How is osteoporosis diagnosed?
There are no clear physical signs of osteoporosis and it may not cause any problems for some time. If your doctor thinks you may have osteoporosis, they may suggest you have a DEXA (dual energy x-ray absorptiometry) scan to measure the density of your bones.
The scan is readily available and involves lying on a couch, fully clothed, for about 15 minutes while your bones are x-rayed. The dose of x-rays is very small – about the same as spending a day out in the sun. The possible results are:
Normal – Your risk of a low-impact fracture is likely to be low.
Osteopenia – Your bone is becoming weaker but your risk of a low-impact fracture is relatively small. You may or may not need treatment depending on what other risk factors you have. You should discuss with your doctor how you can reduce your risk factors.
Osteoporosis – You have a greater risk of low-impact fractures and you may need treatment. You should discuss this with your doctor.
Who should have a scan?
There's no good evidence that screening everybody for osteoporosis would be helpful. However, you should talk to your doctor about having a scan if any of the following apply to you:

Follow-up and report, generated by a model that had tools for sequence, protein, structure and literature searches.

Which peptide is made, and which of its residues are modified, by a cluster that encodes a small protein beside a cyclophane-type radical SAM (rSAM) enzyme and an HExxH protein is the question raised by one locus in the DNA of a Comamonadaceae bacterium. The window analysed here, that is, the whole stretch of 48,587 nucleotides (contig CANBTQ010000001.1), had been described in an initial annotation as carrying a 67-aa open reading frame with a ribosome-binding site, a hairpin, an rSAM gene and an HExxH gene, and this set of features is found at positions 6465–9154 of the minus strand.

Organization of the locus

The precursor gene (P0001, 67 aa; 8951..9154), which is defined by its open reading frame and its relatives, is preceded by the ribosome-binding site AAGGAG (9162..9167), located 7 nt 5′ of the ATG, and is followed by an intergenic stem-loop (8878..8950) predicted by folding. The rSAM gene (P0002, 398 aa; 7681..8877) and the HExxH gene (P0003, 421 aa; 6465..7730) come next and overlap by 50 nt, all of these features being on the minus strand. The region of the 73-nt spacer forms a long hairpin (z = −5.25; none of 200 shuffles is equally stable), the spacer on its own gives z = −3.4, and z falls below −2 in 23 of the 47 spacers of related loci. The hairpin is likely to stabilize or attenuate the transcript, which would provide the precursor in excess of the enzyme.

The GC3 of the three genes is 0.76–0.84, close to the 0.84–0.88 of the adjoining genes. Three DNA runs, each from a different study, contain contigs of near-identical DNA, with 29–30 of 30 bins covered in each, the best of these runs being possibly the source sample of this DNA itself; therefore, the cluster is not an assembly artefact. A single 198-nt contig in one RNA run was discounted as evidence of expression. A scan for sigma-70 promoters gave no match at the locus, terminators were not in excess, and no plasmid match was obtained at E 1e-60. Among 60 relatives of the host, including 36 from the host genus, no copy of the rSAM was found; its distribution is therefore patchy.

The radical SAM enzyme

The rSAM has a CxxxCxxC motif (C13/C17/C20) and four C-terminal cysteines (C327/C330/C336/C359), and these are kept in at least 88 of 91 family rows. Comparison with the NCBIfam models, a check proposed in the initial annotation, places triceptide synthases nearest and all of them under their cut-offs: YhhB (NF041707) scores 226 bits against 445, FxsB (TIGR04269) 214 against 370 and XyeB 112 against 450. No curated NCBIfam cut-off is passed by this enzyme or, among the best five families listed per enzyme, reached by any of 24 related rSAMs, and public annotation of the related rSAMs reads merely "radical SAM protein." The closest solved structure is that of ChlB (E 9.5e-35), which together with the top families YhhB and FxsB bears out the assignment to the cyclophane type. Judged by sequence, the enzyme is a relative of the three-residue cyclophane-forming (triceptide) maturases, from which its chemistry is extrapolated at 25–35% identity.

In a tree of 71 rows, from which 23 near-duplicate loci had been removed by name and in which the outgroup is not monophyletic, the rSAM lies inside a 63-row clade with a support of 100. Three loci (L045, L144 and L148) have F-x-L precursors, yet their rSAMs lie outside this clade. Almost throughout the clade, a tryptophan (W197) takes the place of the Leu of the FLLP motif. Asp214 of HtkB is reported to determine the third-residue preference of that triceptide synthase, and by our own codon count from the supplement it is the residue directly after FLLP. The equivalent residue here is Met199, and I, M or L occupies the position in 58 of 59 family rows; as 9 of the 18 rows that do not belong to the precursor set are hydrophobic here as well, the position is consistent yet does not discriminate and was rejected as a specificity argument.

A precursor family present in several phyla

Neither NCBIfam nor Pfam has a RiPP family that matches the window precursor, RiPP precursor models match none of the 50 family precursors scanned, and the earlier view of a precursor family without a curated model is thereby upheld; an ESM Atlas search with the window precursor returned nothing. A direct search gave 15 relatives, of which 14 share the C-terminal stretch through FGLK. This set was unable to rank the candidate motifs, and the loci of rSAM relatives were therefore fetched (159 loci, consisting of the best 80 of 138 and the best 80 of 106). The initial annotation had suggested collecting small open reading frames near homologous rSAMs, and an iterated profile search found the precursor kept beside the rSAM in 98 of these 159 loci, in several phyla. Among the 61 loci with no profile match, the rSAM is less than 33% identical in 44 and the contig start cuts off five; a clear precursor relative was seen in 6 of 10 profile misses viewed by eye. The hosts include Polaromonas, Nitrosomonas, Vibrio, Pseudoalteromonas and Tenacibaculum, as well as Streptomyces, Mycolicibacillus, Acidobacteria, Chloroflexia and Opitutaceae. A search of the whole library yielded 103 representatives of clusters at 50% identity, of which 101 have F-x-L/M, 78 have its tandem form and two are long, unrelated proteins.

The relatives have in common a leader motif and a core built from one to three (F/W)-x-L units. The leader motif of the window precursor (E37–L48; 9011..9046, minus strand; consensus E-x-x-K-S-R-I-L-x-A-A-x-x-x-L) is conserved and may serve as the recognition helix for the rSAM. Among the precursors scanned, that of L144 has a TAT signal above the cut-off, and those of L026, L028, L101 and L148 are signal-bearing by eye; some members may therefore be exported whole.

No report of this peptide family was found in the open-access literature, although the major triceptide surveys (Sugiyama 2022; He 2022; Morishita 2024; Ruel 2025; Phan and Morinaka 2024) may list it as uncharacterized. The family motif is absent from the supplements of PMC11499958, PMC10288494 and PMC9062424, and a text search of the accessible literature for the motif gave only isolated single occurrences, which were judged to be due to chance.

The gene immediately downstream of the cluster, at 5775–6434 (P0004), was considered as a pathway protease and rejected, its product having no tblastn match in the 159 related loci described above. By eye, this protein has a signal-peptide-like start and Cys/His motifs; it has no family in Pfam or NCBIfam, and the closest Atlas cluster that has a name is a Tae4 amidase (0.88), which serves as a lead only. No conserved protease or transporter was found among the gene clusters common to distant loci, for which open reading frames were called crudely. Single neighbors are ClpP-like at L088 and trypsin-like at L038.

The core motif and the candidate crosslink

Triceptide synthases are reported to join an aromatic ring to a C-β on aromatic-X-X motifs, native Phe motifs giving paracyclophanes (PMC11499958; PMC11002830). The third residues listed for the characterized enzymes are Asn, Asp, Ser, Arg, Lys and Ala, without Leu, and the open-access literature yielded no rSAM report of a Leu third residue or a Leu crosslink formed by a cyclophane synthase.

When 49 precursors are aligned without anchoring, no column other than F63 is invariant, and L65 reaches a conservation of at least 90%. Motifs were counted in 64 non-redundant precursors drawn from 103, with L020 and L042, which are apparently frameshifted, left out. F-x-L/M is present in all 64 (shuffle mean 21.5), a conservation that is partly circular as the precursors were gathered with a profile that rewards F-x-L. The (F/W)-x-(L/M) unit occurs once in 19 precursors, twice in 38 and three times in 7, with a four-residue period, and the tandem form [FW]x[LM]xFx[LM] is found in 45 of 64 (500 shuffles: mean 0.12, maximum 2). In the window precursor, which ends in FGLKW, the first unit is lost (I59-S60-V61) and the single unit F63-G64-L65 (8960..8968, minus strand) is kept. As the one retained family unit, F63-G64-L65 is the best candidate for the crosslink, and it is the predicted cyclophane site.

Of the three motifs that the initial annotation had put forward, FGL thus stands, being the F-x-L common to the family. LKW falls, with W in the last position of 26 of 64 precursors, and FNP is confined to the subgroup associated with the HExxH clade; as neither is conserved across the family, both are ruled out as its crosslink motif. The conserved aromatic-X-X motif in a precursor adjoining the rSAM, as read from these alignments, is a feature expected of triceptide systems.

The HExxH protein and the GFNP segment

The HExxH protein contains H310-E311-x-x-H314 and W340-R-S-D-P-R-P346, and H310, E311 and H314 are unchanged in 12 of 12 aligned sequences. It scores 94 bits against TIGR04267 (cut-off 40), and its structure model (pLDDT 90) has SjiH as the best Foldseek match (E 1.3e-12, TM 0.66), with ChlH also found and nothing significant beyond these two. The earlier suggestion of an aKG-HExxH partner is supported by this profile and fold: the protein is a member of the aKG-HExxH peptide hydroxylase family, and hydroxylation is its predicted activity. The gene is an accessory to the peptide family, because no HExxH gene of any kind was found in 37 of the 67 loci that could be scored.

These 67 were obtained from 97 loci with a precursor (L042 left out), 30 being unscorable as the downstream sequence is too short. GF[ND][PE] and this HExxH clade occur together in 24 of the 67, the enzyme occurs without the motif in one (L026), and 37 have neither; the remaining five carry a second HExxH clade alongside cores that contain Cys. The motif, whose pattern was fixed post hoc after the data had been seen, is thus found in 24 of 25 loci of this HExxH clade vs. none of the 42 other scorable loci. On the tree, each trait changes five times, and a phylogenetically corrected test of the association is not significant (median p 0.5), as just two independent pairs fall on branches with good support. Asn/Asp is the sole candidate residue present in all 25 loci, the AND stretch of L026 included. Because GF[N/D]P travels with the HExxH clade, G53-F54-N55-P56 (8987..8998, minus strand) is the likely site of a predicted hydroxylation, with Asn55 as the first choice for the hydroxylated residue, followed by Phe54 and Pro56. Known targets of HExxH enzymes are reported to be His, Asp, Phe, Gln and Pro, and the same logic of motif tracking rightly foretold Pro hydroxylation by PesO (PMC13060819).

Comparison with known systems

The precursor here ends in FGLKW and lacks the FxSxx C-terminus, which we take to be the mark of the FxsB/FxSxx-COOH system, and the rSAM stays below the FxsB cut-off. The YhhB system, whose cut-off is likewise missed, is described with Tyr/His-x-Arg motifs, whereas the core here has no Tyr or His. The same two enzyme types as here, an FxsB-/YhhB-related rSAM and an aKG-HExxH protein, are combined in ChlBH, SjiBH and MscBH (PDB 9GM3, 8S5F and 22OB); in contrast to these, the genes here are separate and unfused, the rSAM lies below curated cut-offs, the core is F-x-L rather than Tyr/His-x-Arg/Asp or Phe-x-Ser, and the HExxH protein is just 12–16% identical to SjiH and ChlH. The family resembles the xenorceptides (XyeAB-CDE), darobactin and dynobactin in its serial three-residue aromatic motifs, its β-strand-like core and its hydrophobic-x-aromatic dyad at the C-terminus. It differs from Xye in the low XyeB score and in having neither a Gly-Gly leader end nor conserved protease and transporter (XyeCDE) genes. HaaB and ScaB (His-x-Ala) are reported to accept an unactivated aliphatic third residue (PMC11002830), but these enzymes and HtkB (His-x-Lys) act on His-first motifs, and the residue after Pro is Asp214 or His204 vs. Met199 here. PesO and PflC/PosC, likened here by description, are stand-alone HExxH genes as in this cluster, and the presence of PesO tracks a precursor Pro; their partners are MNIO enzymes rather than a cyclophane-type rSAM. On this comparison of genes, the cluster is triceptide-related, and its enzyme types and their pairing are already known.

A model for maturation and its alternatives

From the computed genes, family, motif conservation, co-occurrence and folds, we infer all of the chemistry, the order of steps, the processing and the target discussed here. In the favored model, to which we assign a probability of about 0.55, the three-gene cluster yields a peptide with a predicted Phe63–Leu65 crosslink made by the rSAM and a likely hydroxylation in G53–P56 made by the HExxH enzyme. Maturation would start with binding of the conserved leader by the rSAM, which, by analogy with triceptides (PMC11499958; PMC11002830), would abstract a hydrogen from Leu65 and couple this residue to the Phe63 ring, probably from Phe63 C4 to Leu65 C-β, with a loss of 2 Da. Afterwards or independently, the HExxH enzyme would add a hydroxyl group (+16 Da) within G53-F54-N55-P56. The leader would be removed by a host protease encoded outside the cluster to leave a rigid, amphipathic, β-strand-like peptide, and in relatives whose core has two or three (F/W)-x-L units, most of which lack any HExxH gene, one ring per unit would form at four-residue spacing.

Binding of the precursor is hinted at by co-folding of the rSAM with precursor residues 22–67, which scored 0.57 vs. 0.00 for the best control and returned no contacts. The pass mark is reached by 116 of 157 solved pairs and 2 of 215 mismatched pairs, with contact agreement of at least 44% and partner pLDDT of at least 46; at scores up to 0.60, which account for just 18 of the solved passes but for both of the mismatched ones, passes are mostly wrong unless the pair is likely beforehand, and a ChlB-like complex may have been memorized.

- you’ve already had a low-impact fracture
- you need steroid treatments for 3 months or more
- you had an early menopause (before the age of 45)
- either of your parents has had a hip fracture
- you have another condition which can affect the bones – for example, coeliac disease, inflammatory bowel disease (Crohn’s disease or ulcerative colitis), rheumatoid arthritis, diabetes and hyperthyroidism (overactive thyroid)
- you have a body mass index (BMI) of less than 19.
How to work out your body mass index:
- Multiply your height in metres by itself – e.g. 1.7 (m) x 1.7 = 2.89
- Divide your weight in kilograms (kg) by the number you got in stage 1 – e.g. 53 (kg) ÷ 2.89 = 18.3
- The result is your BMI e.g. 18.3
For most people a healthy BMI is between 19 and 25.
Your doctor may use an online scoring tool called FRAX®, developed by the World Health Organization (WHO), to help assess your risk of fracture and to help decide whether you should have a DEXA scan or treatment for osteoporosis.